26 March 2007

How Things Work

South African Democratic Teachers Union (SADTU) GS Thulas Nxesi has written a short and clear explanation, for City Press readers, of COSATU’s policy of encouraging workers to play a full part in the ANC. See the link below.

ANC Deputy President Jacob Zuma gave the YCL’s Chris Hani Memorial lecture on Saturday (see link). Among other things he said “We must really encourage a change of attitude in the areas our young people chose to study. These must be work related.” Does the YCL agree with this statement?

Communist University is aware that the South African revolutionary youth have never been prepared to accept mere vocational training. This was the case at the Solomon Mahlangu Freedom College in Morogoro, Tanzania, for example. As far as we know it has always been the case. (The picture is of the late Solomon Mahlangu).

Chris Hani was a student of Latin and of English literature (see his short autobiographical note, linked below). In what sense were these studies “work related”? Education is not the same as job training. Revolutionary education is what
Paulo Freire and Antonio Gramsci wrote about. All true education has revolutionary potential.

Job training to make people more valuable as labour-power commodities should be for the account of the capitalist employers, and not for the general fiscus. Is Cde Zuma merely proposing to “lower the cost of doing business”? That is not our concern. True education is what we demand. Comrade Zuma needs to learn the difference between job training, and education.

Just for the record, a number of events have taken place in the last days which have been played down in the local media. One is the explosion of an arsenal in Maputo, Mozambique, causing more than 90 people to lose their lives and God knows what amount of injury and loss of shelter and life support. Who caused this to happen? Another is the small war that broke out in Kinshasa, DRC, resulting in the former presidential candidate Jean-Pierre Bemba taking refuge in the South African Embassy in that city. What is it all about? Another is the shooting down of a huge cargo aircraft in Mogadishu, Somalia, by opponents of the Ethiopian invaders and the Imperialist puppet “government”. The entire crew of the giant aircraft, eleven souls in all, perished. Once again the Imperialists have started a war they cannot finish. How is to be finished, then?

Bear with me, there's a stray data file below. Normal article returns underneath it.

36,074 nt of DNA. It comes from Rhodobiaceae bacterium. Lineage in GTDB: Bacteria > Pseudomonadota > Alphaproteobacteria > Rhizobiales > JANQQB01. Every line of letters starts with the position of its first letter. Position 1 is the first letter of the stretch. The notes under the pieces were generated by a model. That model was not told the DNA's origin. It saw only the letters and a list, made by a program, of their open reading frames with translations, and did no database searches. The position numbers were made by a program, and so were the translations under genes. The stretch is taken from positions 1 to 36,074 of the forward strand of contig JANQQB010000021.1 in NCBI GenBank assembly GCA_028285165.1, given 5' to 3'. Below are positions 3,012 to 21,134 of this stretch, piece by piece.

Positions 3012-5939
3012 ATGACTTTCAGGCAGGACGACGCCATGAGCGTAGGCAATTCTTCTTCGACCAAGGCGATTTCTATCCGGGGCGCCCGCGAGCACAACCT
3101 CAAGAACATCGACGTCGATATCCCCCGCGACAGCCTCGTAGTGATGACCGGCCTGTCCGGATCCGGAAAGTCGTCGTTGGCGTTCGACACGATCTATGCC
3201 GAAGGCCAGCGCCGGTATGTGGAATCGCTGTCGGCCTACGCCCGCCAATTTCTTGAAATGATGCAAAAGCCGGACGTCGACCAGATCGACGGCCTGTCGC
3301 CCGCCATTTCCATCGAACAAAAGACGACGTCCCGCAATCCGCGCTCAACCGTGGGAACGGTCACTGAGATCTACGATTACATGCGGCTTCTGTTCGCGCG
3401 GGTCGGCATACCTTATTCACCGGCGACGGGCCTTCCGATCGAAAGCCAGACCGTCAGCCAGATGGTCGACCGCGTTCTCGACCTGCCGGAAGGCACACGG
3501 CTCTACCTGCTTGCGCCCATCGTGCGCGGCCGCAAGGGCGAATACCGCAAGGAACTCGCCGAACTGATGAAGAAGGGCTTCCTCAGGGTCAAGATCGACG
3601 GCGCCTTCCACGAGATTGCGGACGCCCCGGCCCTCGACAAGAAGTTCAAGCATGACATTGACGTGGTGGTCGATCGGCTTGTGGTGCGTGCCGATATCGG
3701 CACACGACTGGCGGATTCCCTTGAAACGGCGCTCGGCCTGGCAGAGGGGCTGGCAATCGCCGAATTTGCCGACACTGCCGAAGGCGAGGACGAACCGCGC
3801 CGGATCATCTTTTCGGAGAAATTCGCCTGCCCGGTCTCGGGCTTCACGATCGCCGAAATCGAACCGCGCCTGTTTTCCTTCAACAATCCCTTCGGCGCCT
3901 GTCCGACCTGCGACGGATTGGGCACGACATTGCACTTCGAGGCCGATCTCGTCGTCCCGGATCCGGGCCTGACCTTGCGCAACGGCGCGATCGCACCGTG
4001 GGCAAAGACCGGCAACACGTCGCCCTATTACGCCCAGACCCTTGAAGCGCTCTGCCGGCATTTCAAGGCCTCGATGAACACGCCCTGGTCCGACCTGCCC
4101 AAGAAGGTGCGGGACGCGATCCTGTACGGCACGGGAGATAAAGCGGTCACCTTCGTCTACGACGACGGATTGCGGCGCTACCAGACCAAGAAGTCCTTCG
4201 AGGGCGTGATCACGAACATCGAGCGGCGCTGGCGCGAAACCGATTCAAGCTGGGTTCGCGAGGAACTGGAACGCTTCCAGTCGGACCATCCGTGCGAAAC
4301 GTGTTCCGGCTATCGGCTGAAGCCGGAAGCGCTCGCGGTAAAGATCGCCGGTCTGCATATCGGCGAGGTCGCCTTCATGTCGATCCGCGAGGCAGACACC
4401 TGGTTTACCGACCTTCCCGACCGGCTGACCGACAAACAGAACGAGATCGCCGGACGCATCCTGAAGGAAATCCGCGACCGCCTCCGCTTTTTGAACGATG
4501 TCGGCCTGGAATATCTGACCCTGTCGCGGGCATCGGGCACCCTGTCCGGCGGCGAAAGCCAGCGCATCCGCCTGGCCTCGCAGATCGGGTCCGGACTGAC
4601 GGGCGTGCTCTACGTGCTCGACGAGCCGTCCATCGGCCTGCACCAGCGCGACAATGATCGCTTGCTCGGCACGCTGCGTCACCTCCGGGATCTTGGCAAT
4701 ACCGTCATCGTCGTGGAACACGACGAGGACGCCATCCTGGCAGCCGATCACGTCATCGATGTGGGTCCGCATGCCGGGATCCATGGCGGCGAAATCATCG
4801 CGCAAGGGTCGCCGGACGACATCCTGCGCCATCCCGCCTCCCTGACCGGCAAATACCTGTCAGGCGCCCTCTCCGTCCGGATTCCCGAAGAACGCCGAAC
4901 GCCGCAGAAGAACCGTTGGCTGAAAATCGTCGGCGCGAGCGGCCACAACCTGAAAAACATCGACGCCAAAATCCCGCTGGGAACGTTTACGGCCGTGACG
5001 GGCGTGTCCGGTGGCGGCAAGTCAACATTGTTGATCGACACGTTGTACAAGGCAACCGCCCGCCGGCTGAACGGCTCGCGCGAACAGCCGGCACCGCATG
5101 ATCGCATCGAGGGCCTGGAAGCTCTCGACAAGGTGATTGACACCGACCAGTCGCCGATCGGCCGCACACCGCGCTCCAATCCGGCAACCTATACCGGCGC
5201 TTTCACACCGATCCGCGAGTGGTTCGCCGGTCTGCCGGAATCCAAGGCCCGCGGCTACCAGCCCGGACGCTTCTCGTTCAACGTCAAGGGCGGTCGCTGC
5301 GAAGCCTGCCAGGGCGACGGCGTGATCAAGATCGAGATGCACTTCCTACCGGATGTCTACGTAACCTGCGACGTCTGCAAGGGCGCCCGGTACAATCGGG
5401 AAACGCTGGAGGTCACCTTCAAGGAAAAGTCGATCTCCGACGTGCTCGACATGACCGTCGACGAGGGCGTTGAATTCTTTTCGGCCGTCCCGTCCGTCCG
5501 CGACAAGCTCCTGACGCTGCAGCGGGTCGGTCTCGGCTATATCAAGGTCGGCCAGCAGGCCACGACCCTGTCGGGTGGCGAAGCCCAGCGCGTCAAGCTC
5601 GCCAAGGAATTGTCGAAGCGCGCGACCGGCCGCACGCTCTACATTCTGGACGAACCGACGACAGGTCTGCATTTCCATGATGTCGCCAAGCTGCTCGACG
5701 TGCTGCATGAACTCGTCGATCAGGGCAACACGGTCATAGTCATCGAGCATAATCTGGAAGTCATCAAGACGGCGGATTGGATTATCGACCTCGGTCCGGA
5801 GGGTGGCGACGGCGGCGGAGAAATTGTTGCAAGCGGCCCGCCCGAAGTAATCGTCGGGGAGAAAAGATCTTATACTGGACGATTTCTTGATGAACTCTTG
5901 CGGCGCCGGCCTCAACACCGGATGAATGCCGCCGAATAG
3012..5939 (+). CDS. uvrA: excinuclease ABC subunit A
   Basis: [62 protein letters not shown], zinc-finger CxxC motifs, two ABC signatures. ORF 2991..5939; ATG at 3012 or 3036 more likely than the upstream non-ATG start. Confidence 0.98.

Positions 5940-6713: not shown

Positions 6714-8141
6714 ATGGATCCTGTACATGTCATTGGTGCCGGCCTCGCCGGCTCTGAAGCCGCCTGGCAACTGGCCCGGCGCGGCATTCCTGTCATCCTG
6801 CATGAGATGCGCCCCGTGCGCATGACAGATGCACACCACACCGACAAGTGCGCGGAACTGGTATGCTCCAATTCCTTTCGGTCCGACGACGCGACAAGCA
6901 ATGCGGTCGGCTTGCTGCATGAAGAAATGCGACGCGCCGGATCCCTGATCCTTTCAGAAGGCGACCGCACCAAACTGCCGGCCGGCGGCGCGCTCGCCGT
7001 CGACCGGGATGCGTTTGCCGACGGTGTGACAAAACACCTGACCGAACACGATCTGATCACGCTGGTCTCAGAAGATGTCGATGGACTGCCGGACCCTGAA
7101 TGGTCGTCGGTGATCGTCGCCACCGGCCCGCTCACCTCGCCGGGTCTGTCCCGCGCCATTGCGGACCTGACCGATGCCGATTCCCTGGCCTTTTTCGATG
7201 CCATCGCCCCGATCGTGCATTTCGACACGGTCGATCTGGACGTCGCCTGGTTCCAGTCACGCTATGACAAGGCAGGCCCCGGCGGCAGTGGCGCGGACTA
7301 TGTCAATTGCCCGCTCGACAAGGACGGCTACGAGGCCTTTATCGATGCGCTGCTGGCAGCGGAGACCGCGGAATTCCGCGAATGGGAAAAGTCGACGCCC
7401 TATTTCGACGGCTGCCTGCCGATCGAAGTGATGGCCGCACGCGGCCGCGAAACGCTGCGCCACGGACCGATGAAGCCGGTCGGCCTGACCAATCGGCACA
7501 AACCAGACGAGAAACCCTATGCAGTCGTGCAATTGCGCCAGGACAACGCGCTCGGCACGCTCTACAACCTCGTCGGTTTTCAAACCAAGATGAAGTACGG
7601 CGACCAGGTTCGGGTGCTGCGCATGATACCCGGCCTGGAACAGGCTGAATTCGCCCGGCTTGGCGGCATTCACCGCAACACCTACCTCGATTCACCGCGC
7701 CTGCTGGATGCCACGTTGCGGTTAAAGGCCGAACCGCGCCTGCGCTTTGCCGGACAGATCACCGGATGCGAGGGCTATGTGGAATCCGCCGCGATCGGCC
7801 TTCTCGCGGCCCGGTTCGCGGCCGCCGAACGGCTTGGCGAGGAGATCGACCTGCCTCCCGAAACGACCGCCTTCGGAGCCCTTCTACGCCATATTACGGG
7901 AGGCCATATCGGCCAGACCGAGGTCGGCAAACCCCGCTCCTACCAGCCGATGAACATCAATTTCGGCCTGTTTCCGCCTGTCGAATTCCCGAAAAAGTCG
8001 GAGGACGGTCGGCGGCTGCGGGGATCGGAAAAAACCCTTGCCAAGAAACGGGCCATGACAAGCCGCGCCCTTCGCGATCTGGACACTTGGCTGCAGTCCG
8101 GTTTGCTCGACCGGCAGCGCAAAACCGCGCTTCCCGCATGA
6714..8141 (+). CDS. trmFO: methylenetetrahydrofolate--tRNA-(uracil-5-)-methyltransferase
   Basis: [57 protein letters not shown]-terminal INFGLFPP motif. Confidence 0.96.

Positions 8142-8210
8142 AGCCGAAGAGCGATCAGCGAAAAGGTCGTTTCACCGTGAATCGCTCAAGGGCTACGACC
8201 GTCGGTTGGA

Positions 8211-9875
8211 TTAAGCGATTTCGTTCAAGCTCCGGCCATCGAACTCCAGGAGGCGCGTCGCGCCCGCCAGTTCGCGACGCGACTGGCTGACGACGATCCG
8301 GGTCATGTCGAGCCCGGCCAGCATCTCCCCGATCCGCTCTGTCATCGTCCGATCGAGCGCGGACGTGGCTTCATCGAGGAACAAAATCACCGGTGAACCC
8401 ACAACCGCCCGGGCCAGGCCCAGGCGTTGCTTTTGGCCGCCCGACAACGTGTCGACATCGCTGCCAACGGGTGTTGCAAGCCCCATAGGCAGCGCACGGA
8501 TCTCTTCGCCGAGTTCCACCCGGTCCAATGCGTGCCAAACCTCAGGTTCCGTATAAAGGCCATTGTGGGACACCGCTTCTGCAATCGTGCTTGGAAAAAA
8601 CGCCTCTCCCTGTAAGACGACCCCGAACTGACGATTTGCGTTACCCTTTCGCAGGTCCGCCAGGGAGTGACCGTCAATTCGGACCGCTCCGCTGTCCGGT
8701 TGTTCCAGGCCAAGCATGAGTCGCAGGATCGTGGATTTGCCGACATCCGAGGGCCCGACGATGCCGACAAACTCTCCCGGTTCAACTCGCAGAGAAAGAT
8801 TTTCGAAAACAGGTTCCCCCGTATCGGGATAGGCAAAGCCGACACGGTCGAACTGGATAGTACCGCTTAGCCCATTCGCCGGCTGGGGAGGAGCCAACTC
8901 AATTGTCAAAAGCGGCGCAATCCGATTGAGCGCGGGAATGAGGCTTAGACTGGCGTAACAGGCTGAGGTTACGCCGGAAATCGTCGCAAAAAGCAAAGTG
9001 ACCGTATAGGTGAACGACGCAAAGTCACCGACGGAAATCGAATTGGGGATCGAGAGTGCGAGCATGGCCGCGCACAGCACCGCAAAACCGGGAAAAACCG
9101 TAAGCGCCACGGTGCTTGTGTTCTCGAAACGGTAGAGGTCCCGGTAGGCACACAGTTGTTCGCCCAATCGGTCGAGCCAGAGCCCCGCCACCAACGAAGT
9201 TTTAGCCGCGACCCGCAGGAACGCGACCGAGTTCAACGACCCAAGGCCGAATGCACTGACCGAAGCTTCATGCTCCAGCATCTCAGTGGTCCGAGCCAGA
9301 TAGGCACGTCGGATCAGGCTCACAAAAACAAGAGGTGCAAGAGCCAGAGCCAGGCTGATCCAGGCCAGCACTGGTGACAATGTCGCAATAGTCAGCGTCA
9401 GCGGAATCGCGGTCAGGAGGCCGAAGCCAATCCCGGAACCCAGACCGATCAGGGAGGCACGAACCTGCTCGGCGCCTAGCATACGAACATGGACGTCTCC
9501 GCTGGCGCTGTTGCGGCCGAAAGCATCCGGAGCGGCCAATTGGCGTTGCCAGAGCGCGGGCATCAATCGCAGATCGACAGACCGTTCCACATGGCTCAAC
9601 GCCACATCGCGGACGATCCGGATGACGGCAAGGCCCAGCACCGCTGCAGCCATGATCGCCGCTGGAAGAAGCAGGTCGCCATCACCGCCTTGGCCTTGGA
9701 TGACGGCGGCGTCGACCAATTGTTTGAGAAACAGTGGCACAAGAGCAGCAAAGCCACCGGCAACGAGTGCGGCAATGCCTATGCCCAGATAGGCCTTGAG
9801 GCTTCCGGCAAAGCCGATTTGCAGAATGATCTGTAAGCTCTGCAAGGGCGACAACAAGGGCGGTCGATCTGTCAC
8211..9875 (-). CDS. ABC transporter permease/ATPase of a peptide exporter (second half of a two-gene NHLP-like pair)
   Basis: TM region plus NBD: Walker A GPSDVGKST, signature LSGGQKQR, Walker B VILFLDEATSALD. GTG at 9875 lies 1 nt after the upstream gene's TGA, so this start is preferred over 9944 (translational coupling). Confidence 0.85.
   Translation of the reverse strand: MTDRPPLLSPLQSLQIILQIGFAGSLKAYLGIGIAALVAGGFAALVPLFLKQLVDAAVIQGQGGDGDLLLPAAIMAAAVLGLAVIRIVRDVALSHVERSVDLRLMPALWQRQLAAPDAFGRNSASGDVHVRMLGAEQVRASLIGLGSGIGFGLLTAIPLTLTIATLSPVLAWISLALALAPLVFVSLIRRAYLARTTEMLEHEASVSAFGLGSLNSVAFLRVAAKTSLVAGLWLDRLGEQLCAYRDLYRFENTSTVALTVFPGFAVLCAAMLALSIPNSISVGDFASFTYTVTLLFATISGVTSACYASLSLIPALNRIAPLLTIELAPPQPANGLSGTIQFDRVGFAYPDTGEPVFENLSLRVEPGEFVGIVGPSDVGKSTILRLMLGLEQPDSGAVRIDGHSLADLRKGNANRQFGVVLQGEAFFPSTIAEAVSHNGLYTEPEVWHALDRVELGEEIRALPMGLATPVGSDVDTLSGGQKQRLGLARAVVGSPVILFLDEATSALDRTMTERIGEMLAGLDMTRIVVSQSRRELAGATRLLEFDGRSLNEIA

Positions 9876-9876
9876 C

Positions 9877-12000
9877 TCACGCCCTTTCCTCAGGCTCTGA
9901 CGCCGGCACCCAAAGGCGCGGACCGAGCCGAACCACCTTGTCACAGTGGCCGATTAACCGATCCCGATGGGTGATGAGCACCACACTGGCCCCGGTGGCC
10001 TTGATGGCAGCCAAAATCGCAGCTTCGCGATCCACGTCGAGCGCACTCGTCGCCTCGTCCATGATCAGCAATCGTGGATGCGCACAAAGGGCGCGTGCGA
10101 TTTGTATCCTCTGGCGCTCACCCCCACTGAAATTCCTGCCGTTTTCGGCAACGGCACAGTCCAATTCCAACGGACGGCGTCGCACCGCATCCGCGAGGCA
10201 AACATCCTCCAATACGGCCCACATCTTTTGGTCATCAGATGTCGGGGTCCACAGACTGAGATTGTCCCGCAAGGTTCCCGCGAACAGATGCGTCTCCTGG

Another event is the capture of 15 British military in Iranian waters. The British are claiming that they were innocently running an Imperialist maritime road-block in the Shatt-al-Arab! They claim they were outside Iranian waters. But the question of where people are in relation to borders is not a difficult one in these times of global positioning by satellite, not even at sea. The British are undoubtedly guilty.

Finally, Counterpunch is a political site, and so is the CU. The final linked item (on washing hands in hospitals) hardly seems political. Yet it is, and in more ways than one. The political job of convincing the doctors to wash their hands is the first. The doctors sometimes like to tell us that if only the politicians would give the people “clear”, and not “confusing” messages about hygiene, then the people would obey and everything would be all right. But the behaviour of the doctors themselves proves that clear instructions, by themselves, have practically no effect. Politicians could have told them this for nothing. It is an exceptional doctor (like Che Guevara, say) who knows much of politics.

The second way that the article is political is the unfortunate dialectical fact that the most hygienic environments are the ones where the most lethal pathogens thrive most easily. The same is true of political institutions. They can be well set up and healthy, but for these very same reasons can suddenly become hotbeds of counter-revolution, just as hospitals that are set up to cure people can become, in a matter of hours, the source of killer disease.

Click on these links:

COSATU wants its members to join ANC, Thulas Nxesi, City Press (641 words)

YCL Chris Hani Memorial Lecture, ANC Deputy President Jacob Zuma (3402 words)

Chris Hani, My Life, 1991 (791 words)

On Washing Hands, Atul Gawande, Counterpunch (2041 words)


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